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It is over twenty years since the journal carried material on wallpaper, so the article opens with a discussion of why the eighteenth-century industry remains so little known. It explores the collecting and exhibition initiatives which led to its scholarly study, drawing on materials including unpublished archives on the 1946 exhibition of Historical & British wallpapers. The article focuses on eighteenth-century innovations in manufacture, which have often been ignored in favour of a focus on stylistic development. It argues for the importance of links to the paper industry for the developing wallpaper trade, drawing on unpublished sources . New types of products which have been hitherto ignored by historians of wallpaper, such as papier mâché, are analysed to demonstrate the breadth of output. It also argues that links to the textile industry were of particular importance in design development and discusses methods of applying colour to create innovative and imitative patterns, arguing that these could be used to disrupt hierarchies within the home.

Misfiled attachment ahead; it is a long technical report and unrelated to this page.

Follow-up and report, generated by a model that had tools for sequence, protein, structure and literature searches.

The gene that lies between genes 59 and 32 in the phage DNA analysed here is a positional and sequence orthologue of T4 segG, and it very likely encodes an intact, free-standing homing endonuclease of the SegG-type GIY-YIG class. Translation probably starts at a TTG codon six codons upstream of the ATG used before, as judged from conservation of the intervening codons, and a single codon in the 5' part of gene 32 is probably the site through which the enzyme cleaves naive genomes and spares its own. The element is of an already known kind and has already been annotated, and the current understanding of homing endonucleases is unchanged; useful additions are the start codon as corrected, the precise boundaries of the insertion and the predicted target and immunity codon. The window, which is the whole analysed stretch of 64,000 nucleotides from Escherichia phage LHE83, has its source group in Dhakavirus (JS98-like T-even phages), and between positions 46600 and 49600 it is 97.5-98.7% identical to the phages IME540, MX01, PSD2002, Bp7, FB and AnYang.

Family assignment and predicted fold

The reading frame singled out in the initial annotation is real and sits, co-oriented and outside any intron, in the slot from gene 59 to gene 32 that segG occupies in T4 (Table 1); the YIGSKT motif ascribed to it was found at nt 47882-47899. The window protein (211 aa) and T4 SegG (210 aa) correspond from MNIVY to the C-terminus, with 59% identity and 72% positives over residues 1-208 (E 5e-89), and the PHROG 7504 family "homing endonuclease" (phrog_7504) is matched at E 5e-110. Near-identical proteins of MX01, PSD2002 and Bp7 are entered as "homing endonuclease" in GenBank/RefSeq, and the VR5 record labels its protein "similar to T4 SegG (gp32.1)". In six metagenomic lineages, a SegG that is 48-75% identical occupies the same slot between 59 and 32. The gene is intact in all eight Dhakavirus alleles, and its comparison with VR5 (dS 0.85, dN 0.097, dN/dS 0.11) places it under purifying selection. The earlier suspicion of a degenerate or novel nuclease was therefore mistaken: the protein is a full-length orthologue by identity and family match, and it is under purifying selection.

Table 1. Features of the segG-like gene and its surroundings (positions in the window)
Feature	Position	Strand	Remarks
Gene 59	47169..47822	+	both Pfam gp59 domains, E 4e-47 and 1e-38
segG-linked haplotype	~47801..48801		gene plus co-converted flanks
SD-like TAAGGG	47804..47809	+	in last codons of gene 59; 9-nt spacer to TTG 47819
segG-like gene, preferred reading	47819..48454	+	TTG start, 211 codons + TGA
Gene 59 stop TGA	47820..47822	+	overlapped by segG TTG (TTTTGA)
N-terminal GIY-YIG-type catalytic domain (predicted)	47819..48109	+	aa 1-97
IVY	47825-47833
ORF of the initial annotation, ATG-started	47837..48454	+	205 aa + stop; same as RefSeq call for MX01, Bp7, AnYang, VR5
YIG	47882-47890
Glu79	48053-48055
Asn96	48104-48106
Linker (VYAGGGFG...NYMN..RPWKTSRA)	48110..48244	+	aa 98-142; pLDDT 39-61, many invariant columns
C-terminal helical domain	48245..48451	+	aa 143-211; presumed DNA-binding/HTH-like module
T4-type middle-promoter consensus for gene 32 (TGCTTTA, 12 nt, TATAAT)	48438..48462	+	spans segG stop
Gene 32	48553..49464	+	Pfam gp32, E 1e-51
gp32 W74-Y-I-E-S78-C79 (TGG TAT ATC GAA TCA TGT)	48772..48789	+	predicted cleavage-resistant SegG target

|Item Type:||Journal Article|
|Copyright Holders:||2012 The Author|
|Academic Unit/Department:||Arts > Art History|
|Depositing User:||Clare Taylor|
|Date Deposited:||21 Nov 2012 14:22|
|Last Modified:||22 Nov 2012 17:29|
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